Post Number: 103
|Posted on Friday, 19 August, 2016 - 01:34 pm: |
I don't believe that I've ever mentioned it on this forum, but I managed to scrap the block for SRE24700 and found myself in need of a new one. Maybe someday when the wound is scarred over I'll tell the story, but for now, here is the tale of how I extracted the liners from my new engine - number 41193.
The first thing to do when contemplating liner extraction is to spray penetrating oil around the tops and bottoms of the liners and in all 8 weep holes. You should do this as far in advance as possible. Weeks or months if you can. Keep spraying oil in it every day. I like to use Kroil. Their advertising says it's the best penetrating oil in the world and I'm sure they wouldn't lie about a thing like that.
I bought a used horse watering trough from the local classified ads. I filled it with water, added 4 gallons of vinegar and dropped in my freshly pressure washed block. I didn't have the foresight at the time to take a picture, but the water was crystal clear at that time.
This picture was taken about 18 hours later.
The water was very murky and I was a little nervous. Was the vinegar dissolving the aluminum? It had been a fairly short period of time and the solution was less than 4%. There was a steady rapid stream of bubbles coming out of all 8 weep holes.
I pulled the engine out of the water and measured the cam bores. They were still perfect. The vinegar was eating the calcium around the liner seals just like it was supposed to.
I rented a heater to heat the block and installed my liner puller on cylinder A2 and put it under a little tension.
The best thing to do is extract the number 2 and 3 liners from each side one at a time. Leave the 1's and 4's alone for awhile.
It was a 100°F day outside and the heat from the heater was blowing back onto the thermostat causing the heater to turn off. My solution was to rig a heat dam and set up a cooling fan. I took the control cover off and aimed the fan right at the thermostat. It ain't stupid if it works...
As soon as one liner is removed, you have to remove the seals from their grooves and clean out all the calcium and corrosion from the bore. You can then take the opportunity to spray penetrating oil under the bridge to help loosen the calcium in the adjacent cylinder(s).
Since I scrapped block SRE24700, I had the liners from it cleaned and ready to put back in as bridge supports. I kept them in the freezer. I only needed four of them because cylinders 1 and 4 on both banks don't need support after their liners are extracted. Here is the last one ready to go.
As soon as the bore is cleaned and oiled and your liner is cleaned and frozen, you can heat the block back up again and drop the frozen liner into place. It should drop right in with no resistance.
Once all of the 2's and 3's are extracted, cleaned and replaced, the 1's and 4's can be extracted all at once. Since they are on the ends of the banks and the adjacent bores have the liners back in to add bridge support, they can all come out as fast as you can heat the block.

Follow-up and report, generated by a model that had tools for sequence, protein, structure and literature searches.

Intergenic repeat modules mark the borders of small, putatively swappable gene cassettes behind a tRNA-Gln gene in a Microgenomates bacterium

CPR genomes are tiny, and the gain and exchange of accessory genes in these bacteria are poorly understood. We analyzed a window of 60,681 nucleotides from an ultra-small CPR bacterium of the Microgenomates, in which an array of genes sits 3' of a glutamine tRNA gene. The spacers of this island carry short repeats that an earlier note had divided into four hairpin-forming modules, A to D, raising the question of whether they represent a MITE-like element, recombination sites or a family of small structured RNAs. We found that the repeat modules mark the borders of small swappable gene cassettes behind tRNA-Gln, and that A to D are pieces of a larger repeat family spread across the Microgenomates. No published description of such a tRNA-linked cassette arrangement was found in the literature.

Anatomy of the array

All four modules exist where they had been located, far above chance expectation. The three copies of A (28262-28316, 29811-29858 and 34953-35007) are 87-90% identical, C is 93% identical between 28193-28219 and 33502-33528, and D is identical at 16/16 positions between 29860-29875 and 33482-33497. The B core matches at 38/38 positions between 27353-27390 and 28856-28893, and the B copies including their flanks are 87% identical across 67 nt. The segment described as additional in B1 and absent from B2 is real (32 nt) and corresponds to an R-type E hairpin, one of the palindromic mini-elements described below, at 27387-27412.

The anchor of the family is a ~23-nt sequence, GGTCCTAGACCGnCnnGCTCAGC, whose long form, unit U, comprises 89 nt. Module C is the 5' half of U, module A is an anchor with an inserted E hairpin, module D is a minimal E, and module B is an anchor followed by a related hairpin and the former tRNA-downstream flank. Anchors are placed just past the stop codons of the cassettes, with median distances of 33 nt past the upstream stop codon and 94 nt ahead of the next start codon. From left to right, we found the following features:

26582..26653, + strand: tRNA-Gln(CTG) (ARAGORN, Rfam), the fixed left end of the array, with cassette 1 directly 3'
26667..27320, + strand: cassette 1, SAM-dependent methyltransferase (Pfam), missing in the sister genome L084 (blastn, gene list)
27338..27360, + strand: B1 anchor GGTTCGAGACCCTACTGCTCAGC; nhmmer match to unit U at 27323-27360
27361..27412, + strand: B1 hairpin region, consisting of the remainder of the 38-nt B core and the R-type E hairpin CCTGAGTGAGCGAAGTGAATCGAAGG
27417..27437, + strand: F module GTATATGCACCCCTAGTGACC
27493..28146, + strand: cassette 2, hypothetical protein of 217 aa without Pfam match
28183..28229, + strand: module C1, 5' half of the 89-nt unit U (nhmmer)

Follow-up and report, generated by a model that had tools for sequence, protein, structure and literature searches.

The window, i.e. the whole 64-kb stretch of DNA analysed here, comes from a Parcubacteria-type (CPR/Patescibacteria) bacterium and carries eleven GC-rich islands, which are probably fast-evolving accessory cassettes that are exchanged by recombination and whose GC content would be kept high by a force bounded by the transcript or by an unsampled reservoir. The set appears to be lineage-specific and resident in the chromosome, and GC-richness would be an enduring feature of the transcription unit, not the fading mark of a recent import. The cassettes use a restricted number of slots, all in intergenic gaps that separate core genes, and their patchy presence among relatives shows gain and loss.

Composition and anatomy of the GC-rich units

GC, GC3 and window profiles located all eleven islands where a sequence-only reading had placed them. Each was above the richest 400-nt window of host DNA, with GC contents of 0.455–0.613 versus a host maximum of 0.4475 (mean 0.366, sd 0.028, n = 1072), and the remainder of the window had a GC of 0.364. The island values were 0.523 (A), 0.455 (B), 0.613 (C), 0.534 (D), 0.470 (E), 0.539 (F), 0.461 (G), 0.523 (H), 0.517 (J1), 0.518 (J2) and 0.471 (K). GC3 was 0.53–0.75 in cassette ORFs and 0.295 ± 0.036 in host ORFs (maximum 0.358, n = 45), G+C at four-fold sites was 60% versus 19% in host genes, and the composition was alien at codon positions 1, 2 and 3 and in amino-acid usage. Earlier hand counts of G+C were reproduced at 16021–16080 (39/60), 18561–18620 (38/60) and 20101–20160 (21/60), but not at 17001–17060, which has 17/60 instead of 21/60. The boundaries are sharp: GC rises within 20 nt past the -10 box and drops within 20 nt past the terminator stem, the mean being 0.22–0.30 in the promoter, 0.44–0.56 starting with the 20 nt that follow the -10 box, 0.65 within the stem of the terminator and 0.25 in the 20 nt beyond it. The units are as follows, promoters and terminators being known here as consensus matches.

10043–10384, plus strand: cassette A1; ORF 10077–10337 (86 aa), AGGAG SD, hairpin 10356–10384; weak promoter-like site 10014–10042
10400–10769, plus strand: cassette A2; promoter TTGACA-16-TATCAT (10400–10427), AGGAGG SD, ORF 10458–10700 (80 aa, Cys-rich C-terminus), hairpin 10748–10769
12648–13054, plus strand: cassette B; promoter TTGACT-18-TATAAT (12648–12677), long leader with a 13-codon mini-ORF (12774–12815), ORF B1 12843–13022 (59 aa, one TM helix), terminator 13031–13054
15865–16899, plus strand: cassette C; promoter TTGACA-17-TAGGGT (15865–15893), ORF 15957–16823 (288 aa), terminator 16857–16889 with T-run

The 2's and 3's can come back out as soon as the 1's and 4's are out.
This is the same extractor that I pulled the liners out of SRE24700 with but 41193 had a little clearance issue on the bottom:
I had to grind a flat on the liner base to clear a protrusion inside the crankcase. All liner pullers that I make for sale from now on will have this flat milled.
I did this extraction on the ground while maneuvering the block end for end. Doing this allowed me to aim the heater up or down with a block of wood under the front or back. This method worked pretty good but I recommend that this be done on an engine stand instead. It is fairly difficult to position the liner puller with the block in a vertical position. It is a two person job doing it this way.
Heating the block while on a stand means the heater has to be on a table or stand of some kind so plan ahead of time.
I hope this helps anybody contemplating this crazy endeavor.
Post Number: 70
|Posted on Friday, 19 August, 2016 - 02:16 pm: |
You have to tell the story of the first block.
FYI, an engineer friend turned me on to ATF / acetone as a penetrating oil a few years back and it really works. Basically free, and twice as good as Kroil (which is already great)
Check it out here
Just mix up a batch and put some in this
better yet these
Post Number: 1358
|Posted on Friday, 19 August, 2016 - 02:39 pm: |
Thanks for going to the time and trouble of documenting this for us. It's really invaluable.
Omar M. Shams
Post Number: 764
|Posted on Friday, 19 August, 2016 - 05:32 pm: |
What an amazing post.
I bet Vlad is having lots of thoughts now as he is at this point in his engine overhaul.
Brilliant post Kelly!!
Christian S. Hansen
Post Number: 349
|Posted on Friday, 19 August, 2016 - 08:15 pm: |
Wow! I'm getting a rash and shivers just thinking about ever having to do such a task! That said, what is the deal with those weep holes? I understand that the top o-ring keeps water out, and the lower o-ring keeps oil out, and that when they fail, either water, oil, or both, fills the cavity around the liner and exits the weep hole. Correct? I suppose that if water is coming out, that is bad and a sign of imminent problems, but what if it is oil? Can you "live with" that, and if so, for how long? It does create a bit of a mess over time and mileage, so what are the problems encountered if you simply plug the weep holes in order to minimize the mess? On my MPW, the oil symptom (not water) is evident. Not gushing, just evident. What is the prognosis? Shall I plug, or panic?
Post Number: 25
|Posted on Friday, 19 August, 2016 - 08:20 pm: |